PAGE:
At the Auto Finance Risk and Compliance Summit held this week, Calvin Hagins, CFPB Deputy Assistant Director for Originations, stated that the CFPB is increasingly asking lenders about ancillary product programs during examinations, particularly about the percentage of consumers buying these products.
In June 2015, when the CFPB released its larger participant rule for nonbank auto finance companies, it also issued auto finance examination procedures in which ancillary products, like GAP insurance and extended service contracts, received heavy attention. We commented that by giving so much attention to these products, the CFPB was signaling its intention to give lots of scrutiny to these products in the auto finance market. Mr. Hagins’s comments confirm that the CFPB is in fact looking closely at these products in exams.
Speaking at the Summit as a member of a regulatory panel, Mr. Hagins indicated that companies should expect to get questions from CFPB examiners about ancillary products. He indicated that the CFPB specifically looks at how the product is offered to the consumer, when in the contracting process is it offered, how disclosures are being provided to the consumer, and the acceptance rate. As an example, he indicated that a 95% acceptance rate would cause CFPB examiners to raise questions about how the rate was achieved.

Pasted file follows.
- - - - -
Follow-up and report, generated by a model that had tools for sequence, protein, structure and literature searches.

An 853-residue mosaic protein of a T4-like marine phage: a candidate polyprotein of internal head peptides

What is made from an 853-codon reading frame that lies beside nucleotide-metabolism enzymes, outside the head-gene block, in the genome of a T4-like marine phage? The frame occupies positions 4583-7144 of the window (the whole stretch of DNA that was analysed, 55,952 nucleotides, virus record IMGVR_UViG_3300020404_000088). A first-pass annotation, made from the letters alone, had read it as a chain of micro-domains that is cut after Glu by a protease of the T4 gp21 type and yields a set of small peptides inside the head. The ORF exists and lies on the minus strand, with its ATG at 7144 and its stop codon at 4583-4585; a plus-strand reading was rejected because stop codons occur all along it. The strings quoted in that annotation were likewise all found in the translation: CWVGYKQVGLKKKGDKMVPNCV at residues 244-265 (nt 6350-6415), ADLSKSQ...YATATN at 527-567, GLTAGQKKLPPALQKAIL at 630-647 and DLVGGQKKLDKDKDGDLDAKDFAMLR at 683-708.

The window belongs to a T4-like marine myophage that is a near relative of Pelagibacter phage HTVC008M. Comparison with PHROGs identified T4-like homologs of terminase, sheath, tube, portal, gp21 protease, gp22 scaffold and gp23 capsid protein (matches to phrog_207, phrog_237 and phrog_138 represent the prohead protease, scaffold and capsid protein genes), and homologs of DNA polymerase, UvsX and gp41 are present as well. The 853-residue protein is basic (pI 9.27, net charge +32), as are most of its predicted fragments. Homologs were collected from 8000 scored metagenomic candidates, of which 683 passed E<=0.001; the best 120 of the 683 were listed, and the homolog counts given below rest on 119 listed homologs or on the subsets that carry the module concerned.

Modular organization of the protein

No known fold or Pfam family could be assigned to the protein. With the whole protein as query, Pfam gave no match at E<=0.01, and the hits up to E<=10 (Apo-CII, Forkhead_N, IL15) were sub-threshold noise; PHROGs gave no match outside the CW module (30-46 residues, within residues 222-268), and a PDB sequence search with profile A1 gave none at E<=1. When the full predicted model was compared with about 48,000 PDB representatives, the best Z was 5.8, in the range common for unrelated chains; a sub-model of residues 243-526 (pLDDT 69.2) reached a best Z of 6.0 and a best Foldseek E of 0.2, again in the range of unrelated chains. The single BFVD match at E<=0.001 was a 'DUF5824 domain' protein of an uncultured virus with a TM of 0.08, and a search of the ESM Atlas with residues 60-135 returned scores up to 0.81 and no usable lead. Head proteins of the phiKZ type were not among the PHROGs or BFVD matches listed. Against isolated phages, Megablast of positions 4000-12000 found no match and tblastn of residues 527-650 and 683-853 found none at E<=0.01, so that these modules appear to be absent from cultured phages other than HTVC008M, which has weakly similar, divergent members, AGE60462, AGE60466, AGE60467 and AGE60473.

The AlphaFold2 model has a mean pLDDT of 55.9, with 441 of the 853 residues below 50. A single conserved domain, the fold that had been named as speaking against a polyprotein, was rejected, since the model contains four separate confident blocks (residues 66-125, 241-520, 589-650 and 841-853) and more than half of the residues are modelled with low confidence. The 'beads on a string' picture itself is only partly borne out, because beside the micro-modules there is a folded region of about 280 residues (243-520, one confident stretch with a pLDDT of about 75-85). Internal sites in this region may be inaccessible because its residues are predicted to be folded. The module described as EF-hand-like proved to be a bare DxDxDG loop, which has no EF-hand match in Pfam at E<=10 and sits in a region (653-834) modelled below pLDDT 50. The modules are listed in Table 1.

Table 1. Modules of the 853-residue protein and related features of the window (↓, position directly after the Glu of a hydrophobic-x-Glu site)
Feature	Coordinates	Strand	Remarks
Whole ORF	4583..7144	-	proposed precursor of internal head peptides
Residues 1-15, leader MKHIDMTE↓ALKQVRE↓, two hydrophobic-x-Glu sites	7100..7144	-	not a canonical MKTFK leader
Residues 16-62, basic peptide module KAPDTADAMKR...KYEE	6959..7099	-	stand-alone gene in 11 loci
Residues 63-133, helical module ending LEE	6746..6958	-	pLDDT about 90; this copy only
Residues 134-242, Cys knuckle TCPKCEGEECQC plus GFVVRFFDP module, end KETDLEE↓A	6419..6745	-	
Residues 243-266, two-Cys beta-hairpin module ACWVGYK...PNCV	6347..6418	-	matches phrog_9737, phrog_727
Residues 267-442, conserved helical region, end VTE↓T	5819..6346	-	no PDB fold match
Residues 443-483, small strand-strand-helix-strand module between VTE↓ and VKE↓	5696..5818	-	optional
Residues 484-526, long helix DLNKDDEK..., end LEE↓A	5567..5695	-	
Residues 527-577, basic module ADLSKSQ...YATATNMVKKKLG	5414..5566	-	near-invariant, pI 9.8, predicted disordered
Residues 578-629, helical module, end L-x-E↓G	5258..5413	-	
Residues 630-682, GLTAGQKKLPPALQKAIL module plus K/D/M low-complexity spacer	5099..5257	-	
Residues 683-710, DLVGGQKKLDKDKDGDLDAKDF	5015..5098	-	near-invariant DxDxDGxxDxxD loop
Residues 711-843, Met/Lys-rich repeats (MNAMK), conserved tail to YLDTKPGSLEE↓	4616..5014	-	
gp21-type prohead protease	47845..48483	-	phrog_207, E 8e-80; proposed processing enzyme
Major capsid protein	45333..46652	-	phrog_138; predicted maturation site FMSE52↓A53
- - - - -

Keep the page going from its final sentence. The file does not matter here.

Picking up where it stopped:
At the Summit, Colin Hector, an FTC attorney, indicated that the FTC is also interested in ancillary products, particularly whether there is a potential for consumer deception in how they are sold. He commented that, in its enforcement work, the FTC has focused on ancillary product sales that occur at the end of the sales process when consumers may be led to believe they must purchase the products to obtain financing and the seller has increased leverage because the consumer is more invested in completing the transaction.